Tuesday, April 8, 2014

About My Body -- The One That Won't Lose Weight

I'm Amy. I'm 33 years old and I live in Maine. I have a husband, two kids, and a big brown dog. I own a business, I drive a mom car, and I'm thoroughly convinced my quality of life with triple if I could just lose five pounds. 

And hooo boy, then there's that ten pound fantasy. Honestly--and I'm embarrassed to admit this out loud--if I could choose, I'd pick the spontaneous loss of ten pounds over an all expense paid trip to the Tahitian Islands.

So far, there's nothing about me--even that dark little ten pound secret up there--that isn't normal or socially acceptable. I'm an average American girl (who cannot bear to write the word 'woman' or 'lady' because ick, old).

Now I'll expose myself a little bit more.

So that's me on the right, running my mom in at a half marathon:

And that's me on the left, getting ready to run a marathon with a bunch of friends:

That's a picture of me making a Popeye face (maybe I should invest in some sunglasses):

And that's me holding a men's bodybuilding trophy from 1988 and wearing someone else's medals at a Thanksgiving Day 5k:

This is the point where you think to yourself, "What?! You're CRAZY. You DO NOT NEED TO LOSE FIVE POUNDS. I'M the one who needs to lose five pounds, not you!"

Or maybe, "Shut up you stupid, skinny girl. You run marathons?! And you'd give up a trip to Tahiti to lose ten pounds?! That's insane. If I looked like you and ran marathons, I wouldn't have a damn thing to complain about."

Or maybe you think, "Awww, you look cute! Stop being so hard on yourself!"

Even I look at those pictures and think, "Looking good, self....but still, lose five pounds."

Whatever your reaction might be, I'd like you to use it to help you realize that as women in America, we are ALL trained to want to lose five pounds. Or ten. Or three. Or fifty. Show me a woman--any woman--and I'll show you a person who thinks about losing some weight at least three times, every single day.

It does't matter how old we are, how tall we are, how big or small we are, how fit we are, how funny we are -- we are all programmed to believe that we need to drop a few to feel peace in our hearts. And people, it's absolutely crazy making.


At my job, I end up weighing all different people a couple of times a day -- I'm a trainer. So many times, a lady will come bopping in with a giant smile, having a great day. She was complimented at work, she's having an awesome hair day, her grandson won the spelling bee, she got a sweet purse on clearance at TJ Maxx, and then *POOF.* "What? I gained a pound? How did I gain a pound? I thought I had a good week. I swear I had a good week. Why'd I gain a pound? What did I do wrong?"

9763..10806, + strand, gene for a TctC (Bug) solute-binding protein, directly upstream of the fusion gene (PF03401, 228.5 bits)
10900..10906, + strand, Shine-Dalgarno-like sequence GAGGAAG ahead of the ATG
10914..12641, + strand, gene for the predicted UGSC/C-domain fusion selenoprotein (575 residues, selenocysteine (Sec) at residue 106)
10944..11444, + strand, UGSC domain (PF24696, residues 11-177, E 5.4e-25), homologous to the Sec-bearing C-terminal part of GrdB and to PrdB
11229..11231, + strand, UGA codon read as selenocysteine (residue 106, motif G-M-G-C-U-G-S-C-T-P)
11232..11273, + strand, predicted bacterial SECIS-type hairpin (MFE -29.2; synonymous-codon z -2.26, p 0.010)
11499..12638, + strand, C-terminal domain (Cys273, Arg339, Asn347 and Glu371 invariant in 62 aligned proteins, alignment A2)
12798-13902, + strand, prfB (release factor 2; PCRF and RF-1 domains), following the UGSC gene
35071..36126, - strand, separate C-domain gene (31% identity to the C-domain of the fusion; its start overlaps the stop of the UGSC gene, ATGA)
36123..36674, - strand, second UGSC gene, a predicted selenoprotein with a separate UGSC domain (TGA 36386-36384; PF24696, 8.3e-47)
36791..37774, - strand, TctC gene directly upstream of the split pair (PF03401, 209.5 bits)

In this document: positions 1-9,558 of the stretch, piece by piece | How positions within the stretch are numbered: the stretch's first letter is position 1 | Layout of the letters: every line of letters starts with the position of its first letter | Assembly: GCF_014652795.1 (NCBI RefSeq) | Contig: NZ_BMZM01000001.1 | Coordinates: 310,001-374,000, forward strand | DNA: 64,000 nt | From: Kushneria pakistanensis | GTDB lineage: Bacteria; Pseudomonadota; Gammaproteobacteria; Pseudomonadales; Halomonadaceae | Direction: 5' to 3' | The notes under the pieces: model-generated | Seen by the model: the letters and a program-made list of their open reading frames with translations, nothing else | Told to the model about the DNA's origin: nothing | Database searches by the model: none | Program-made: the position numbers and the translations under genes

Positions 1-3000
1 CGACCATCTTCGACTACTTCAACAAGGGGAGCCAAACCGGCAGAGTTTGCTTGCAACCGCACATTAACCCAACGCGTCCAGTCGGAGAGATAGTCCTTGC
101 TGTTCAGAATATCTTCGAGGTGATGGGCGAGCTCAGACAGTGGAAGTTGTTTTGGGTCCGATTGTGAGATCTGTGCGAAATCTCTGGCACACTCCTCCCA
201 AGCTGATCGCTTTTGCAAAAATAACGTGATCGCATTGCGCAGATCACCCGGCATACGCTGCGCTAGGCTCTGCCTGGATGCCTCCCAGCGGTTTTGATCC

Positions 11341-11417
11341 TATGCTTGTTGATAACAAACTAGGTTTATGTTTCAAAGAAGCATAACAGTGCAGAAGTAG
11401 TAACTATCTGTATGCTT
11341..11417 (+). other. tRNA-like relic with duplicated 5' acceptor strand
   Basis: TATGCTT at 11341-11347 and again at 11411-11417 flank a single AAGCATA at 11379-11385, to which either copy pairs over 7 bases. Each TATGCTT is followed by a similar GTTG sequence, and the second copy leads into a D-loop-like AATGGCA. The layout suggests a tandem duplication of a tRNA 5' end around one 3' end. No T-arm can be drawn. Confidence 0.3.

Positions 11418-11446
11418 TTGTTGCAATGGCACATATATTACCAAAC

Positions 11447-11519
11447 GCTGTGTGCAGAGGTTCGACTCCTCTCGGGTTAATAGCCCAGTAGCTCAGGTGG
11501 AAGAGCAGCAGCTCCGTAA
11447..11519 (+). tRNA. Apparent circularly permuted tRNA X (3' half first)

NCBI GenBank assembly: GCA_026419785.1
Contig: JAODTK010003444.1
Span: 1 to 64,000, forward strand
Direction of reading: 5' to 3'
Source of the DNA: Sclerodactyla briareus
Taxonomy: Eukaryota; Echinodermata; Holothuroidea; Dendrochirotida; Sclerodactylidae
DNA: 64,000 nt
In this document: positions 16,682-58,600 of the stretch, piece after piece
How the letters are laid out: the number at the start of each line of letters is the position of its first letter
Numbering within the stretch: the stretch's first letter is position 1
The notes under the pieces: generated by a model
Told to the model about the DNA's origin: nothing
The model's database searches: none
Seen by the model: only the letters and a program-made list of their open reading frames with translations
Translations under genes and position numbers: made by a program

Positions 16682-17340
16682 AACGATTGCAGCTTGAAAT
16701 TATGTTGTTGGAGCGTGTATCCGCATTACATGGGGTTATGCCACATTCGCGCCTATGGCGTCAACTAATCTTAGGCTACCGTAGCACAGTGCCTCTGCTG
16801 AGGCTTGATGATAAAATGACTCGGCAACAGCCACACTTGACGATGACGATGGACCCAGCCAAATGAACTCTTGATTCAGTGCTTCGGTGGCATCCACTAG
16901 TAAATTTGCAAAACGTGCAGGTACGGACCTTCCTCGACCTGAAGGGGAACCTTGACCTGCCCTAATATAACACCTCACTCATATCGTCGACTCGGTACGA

Day. Ruined.

Or, on the flip side, someone might be telling me the sad, sordid tale of their son. The one who ended up in prison and who's going to trial for robbery next week. He used to be such a great kid, and then *BOOM.* "Wait what? I lost two pounds!? I wasn't expecting that! I had three cookies this week, what a great surprise! Wow! I...I just wasn't thinking this could happen!"

Day. Perfected.

Or then there's my favorite, because you know we've all done it -- the scale shifter. They step up, they wait, they grimace because they don't like the number that just popped up. They step down. They step up diagonally, and wait, and shrug when the number pops up the same. They step down, they move the scale, on an angle, to the uneven part of the floor. They step up one more time and they lightly pump their fist in success. They just made that scale read eight tenths of a pound lower.

Mission. Accomplished.

As a female insider, I understand all three, boy do I ever. As an outsider, I think, "Wait. Hold on. You're still the same person who just walked in here. How on earth can a number change your whole day like that? This is crazy...." Because it kind of is.

The bottom line is this: Weight trumps all. Good feelings, bad feelings, intelligent logic. The number on the scale can take each of those things and dump 'em right on their heads.